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Former CIA chief blasts intelligence reform plan

George Tenet resigned as director of the CIA in June.
Should the CIA be dismantled as part of a reorganization of U.S. intelligence gathering?
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WASHINGTON (CNN) -- Former CIA Director George Tenet on Monday blasted plans outlined by Sen. Pat Roberts, R-Kansas, Senate Intelligence Committee chairman, for a massive reorganization of U.S. intelligence agencies as a step toward driving "the security of the American people off a cliff."

The plan would merge the CIA with agencies now under the Pentagon and other departments.

"This proposal reflects a dangerous misunderstanding of the business of intelligence," Tenet said in a written statement. "It would undermine years of effort to integrate disciplines -- hard-won steps that have led to some of the most significant intelligence successes in our history.

"The proposal runs totally counter to the concept of the collaboration among disciplines -- a concept that has proven so effective against al Qaeda and other terrorist groups since 9/11," Tenet said.

The committee's vice chairman, Sen. John Rockefeller, D-West Virginia, also railed against the proposal, saying in a written statement that it "departs significantly from the 9/11 commission's blueprint for reform."

Tenet said the lack of terrorist attacks inside the United States since September 11, 2001, and the fact that al Qaeda "has been so badly damaged as an organization" are both "the direct result of human and technical intelligence working hand-in-hand with analysts both at home and abroad," a collaboration "inside the CIA that the Roberts proposal would destroy."

He said, "A proposal such as this would damage U.S. national security rather than improve it. It would result in the demoralization of a proud and extremely capable agency and less security for the American people." The need to deal with "ill-conceived schemes like this" could divert the U.S. intelligence community from putting its focus on "pre-election terrorist threats," he said.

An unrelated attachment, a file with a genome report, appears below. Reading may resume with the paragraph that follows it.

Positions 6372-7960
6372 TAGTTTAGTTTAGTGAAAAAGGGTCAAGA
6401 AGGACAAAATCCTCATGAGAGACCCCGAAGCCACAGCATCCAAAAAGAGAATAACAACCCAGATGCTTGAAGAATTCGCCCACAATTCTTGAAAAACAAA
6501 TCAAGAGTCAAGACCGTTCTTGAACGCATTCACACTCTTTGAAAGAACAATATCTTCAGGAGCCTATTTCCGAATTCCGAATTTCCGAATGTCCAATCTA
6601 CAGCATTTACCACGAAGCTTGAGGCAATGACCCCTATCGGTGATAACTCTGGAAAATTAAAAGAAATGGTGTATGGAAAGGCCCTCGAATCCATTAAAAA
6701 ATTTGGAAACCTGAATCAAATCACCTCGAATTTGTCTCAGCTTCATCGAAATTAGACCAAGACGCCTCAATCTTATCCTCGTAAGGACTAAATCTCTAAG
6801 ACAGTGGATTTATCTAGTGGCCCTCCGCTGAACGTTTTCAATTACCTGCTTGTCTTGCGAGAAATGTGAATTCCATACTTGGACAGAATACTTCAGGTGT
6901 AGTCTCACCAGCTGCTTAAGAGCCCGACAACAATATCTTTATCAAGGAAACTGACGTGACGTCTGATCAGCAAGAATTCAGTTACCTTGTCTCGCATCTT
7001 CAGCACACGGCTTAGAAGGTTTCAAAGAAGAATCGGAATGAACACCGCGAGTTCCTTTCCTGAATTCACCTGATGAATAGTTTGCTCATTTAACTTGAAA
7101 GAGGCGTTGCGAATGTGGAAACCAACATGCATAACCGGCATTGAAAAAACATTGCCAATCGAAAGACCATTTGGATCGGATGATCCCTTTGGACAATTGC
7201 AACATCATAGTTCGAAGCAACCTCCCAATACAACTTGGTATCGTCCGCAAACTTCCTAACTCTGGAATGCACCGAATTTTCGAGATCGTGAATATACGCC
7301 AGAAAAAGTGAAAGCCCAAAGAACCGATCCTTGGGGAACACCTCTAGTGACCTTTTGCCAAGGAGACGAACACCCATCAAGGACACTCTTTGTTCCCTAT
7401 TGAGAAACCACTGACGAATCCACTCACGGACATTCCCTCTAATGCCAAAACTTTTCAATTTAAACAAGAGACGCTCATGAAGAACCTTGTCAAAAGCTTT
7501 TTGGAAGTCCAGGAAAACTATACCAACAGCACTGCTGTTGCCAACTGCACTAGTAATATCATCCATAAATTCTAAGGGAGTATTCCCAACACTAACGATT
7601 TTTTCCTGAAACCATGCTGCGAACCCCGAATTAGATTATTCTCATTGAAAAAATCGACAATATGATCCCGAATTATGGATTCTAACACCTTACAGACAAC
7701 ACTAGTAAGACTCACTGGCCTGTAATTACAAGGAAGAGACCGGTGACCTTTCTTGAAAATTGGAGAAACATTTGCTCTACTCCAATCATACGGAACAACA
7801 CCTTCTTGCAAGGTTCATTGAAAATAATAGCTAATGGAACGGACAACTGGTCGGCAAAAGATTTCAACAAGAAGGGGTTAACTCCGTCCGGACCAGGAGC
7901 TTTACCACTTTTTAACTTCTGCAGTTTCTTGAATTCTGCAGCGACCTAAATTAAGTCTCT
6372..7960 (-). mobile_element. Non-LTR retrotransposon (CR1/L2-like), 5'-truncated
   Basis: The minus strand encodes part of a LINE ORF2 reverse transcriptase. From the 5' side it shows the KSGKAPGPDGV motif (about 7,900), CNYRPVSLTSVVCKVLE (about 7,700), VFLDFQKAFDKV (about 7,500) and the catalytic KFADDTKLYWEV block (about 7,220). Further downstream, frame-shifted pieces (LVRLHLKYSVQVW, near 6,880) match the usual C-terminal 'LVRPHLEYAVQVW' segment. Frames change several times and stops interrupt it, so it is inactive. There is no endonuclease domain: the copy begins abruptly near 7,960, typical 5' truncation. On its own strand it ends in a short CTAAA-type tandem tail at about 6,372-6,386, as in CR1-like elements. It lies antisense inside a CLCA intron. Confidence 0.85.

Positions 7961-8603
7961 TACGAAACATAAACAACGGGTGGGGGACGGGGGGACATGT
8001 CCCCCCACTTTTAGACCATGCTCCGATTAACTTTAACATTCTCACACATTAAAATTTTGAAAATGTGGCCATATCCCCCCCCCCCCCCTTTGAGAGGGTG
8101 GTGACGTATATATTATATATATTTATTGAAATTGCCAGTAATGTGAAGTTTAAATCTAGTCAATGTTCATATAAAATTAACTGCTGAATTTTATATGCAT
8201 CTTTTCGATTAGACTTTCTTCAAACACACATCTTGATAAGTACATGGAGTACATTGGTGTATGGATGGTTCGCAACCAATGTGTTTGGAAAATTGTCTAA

Roberts' proposal, Tenet said, "is yet another episode in the mad rush to rearrange wiring diagrams in an attempt to be seen as doing something. It is time for someone to say, 'stop!' Someone needs to stand up for all the good that is done by the men and women of CIA. It is time for someone to slam the brakes on before the politics of the moment drives the security of the American people off a cliff."

Roberts introduced his plan Sunday, telling CBS' "Face the Nation" the plan provides the framework for one of the 9/11 Commission's key recommendations -- an all-powerful intelligence chief who provides the link between intelligence agencies and the administration.

"What we have proposed is a national intelligence service with a national intelligence director that has real line-item budget authority and personnel authority, so we think its a good plan," he said.

The plan -- which he dubbed the "9/11 National Security Protection Act" -- would put the spies and intelligence analysts of the CIA and the Defense Intelligence Agency under a new director's authority, along with the National Security Agency's electronic eavesdropping capability and intelligence units in the departments of Homeland Security, State, Energy and Treasury.

Roberts had previously announced his committee would back a strong intelligence director. He said he was taking action because he is concerned the administration might "not go far enough with regards to the 9/11 commission" and because he was concerned about the political ramifications of delaying action.

Rockefeller released a statement saying he would consider the bill when Roberts presents it. But at this point, he wrote, "My reaction is that disbanding and scattering the Central Intelligence Agency at such a crucial time would be a severe mistake."

He also complained that Roberts "did not afford me or any Democrat on the Senate Intelligence Committee an opportunity to work with him in drafting the proposal."

Roberts spokeswoman Sarah Ross dismissed Rockefeller's complaint that he wasn't told about the chairman's bill in advance. She said the two senators talk almost daily and that Roberts told Rockefeller of the "efforts and details" of his bill in the past week. She also said the Democratic staff on the intelligence committee "had ample access to the bill."

Rockefeller "chose not to act, so Roberts did," Ross said.

On Sunday, Roberts said he hoped to forge a bipartisan consensus.

Intelligence officials complained Monday that CIA leadership was not consulted on the plan.

One intelligence official, who declined to be identified, said the Roberts proposal "far from eliminating stove pipes, would create more of them." Roberts said Sunday the White House was not consulted on his proposal.

Before Tenet issued his statement, other intelligence officials, speaking to CNN, called the proposal "reckless" and said it would cause "irreparable damage to U.S. national security."

One senior U.S. intelligence official said, "It would be akin to taking apart a ship in the middle of the ocean" and would "demolish the CIA at a critical time."

--National Security Correspondent David Ensor and CNN Congressional Producer Ted Barrett contributed to this report.

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